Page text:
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this to both of you because both of you agree that resistance occurs wherever antimicrobial is used whether it be in the community, on the farm or in health care. i don't have time for all of you so i'm going to concentrate on resistance in the community and hope that my colleagues will talk about farm use or use in health care settings. let me just focus on the community. you both describe described way so much antibiotics are prescribed in the community and when we say using the community i mean outside of the hospital. dr. fauci's testimony described the fact that physicians often prescribe antibiotics to patients who have viral infections and not bacterial infections simply because patients come to expect or demand treatment with antibiotics, even when they can't-- so my question is how concerned should we be about these practices or i guess to put it bluntly, our doctors
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using antibiotics inappropriately and too frequently and if that is true, what can we do about it? either one. >> dr. frieden. >> thank you. the centers for disease control has a survey called the ambulatory medical care survey. this is one of our main instruments for determining what doctors practices are and allows us to check over time what happens in clinical encounters. since we have this nationwide-- in the surveys we have seen an improvement in that there has been a smaller proportion of patients who come in with for example upper respiratory infection, who leave with an antibiotic, which they shouldn't leave with. it still remains too common a practice in the challenges educating physicians and having them with a monitoring system in place to give feedback to clinicians. one of the things we-- will greatly facilitate that work is electronic health records to remind doctors that the system a
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good use of antibiotics or contracting give feedback on the behavior of individual clinicians are so we need to both have the monitoring. we need to intervene by educating better and we need to put into the process of health care automatic ways of telling doctors are helping doctors to make the right decisions. >> i have to say it is hard for me to relate to these questions because i never want to go to the doctrine when i ago i try to avoid having them give me anything but i know it is a common practice. >> actually i agree completely with dr. frieden and also it is an issue of getting better sensitive point of care type of diagnostics where you can really underscore and confirm because sometimes when a physician is talking to a family member and they say you have got to put my child or my husband or whatever on antibiotics because they know that either have an infection or are going to get one. if you can and often show
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immediately that person does not have a bacterial infection i think you will go a long way to convince the person that the decision that physicians make it is the appropriate decision. >> what is the get smart campaign that the cdc has been working on, dr. frieden? do you want to talk about that and i guess you haven't recommended that it continue in the budget so do you want to say why? what it is and why do you are not recommending that we fund it again? >> the get smart campaign is an educational intervention that works with reducing unnecessary or use of antibiotics. we are faced with significant budget constraints. we are not able to continue or expand all the programs which we would like to continue or expand and we are committed to maintaining and strengthening work to reduce antimicrobial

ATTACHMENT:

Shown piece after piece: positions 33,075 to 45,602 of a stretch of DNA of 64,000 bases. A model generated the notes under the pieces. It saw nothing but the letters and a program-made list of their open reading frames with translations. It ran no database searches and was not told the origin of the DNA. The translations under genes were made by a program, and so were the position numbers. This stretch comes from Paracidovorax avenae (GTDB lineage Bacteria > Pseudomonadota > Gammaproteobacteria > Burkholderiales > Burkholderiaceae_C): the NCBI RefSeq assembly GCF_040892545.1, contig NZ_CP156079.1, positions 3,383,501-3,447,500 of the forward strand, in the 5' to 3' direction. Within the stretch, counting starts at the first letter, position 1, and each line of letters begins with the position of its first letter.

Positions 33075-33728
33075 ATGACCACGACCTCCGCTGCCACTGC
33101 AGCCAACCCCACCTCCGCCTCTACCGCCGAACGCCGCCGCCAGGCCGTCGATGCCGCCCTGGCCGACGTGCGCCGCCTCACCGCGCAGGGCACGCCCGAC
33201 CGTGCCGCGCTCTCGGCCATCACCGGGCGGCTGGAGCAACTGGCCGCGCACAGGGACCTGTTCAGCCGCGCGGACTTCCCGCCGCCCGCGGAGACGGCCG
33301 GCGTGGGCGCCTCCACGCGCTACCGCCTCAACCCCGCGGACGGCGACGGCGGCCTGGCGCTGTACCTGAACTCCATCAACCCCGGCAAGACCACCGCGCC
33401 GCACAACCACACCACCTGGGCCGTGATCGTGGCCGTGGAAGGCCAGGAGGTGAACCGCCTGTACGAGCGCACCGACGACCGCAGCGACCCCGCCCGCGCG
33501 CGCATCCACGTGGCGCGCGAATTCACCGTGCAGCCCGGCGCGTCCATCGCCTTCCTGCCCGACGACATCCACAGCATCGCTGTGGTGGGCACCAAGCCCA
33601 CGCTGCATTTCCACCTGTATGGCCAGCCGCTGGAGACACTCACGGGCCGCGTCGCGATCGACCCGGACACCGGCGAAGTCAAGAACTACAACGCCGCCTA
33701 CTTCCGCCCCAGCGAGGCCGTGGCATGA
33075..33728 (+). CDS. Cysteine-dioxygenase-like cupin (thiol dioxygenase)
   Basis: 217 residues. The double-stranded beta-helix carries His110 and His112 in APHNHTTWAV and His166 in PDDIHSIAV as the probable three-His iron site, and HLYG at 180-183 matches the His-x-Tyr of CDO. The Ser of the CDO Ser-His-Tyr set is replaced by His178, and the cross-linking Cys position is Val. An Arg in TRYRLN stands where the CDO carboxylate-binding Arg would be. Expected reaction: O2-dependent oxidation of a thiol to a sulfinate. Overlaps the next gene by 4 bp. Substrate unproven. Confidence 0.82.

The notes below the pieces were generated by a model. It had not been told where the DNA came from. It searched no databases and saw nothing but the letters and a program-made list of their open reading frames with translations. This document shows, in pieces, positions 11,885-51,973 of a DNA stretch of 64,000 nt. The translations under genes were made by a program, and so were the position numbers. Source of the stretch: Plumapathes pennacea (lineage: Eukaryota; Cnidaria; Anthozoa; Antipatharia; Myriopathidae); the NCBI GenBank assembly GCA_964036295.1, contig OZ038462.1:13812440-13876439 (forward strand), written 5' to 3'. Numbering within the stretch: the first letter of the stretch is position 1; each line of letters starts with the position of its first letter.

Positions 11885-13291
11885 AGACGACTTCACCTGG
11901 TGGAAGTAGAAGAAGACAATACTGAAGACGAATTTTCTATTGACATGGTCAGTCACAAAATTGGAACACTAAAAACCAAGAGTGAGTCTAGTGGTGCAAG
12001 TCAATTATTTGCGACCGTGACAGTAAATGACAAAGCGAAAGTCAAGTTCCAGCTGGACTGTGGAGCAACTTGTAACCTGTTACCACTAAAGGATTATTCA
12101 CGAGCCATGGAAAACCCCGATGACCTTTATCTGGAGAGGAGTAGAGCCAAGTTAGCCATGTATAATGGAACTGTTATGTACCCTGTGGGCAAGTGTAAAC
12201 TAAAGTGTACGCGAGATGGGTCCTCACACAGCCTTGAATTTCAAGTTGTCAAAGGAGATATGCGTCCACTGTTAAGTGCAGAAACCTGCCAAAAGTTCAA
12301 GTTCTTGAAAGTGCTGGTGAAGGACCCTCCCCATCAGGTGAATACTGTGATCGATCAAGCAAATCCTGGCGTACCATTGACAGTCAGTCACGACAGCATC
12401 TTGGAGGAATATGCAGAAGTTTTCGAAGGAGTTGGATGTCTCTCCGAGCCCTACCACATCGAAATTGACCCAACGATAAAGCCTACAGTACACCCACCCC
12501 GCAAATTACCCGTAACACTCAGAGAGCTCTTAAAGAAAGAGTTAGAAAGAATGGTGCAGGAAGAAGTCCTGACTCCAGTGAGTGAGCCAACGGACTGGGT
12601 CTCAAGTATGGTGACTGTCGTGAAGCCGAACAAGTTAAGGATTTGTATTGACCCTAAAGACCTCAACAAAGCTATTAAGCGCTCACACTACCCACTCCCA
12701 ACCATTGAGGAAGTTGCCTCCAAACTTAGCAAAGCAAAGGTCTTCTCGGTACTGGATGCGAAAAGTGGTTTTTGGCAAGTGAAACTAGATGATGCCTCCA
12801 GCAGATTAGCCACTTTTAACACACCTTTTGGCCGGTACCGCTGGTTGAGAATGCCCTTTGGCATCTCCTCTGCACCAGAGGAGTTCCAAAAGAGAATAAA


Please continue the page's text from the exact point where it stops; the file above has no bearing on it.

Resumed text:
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resistance in every way we can within our budgetary limitations. >> the reason you have not recommended continuing it is not because it isn't a good thing but it is not that important compared to other priorities? is that fair to say? >> we believe the program is effective but we are not able to include it in the current budget request. >> so, the answer is yes? i want you to reflect that you said yes, not me. the gentleman from illinois, mr. shimkus. >> thank you mr. chairman. i'm trying to get my hands around this i think conjecture that is making the claim that antibiotic use in animals is translated in changing the resistance in humans, which in one of the testimonies kind is said that casually. their assumptions made on the other side. is there any peer review, cdc study that shows a direct
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correlation to support that assumption? >> it is clear that any antimicrobial use will result in the emergence resistance and spread of antimicrobial resistant organisms, so the use of antibiotics in the farm animals will generate the development and spread and persistence of antimicrobial resistance among the farm animals. your question relates to whether there is evidence that that resistance has spread to humans. we do know that there are many interconnections between human and animal health. there is experience from several countries in europe, where prescriptions of an antibiotic that is related to vancomycin was shown to be associated with an increase in the vancomycin resistance among humans.
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that was experienced in the european union countries. that antibiotic was burnt-- band and resistance levels then declined. there is no scientific doubt about the theoretical possibility of transfer of parts of viruses, transposed into other ways you could spread antibiotic resistance from animals to people. there also are many outbreaks. >> i only have a limited amount of time but the question is do you have peer-reviewed scientific research that shows this connection? , the cdc? >> what i said is there is peer-reviewed research in europe. in the united states it has not been to my knowledge documented. >> my point is this and i use this across the board and on this committee, that running on emotions is running on emotions. running on science and fact, peer-reviewed replication is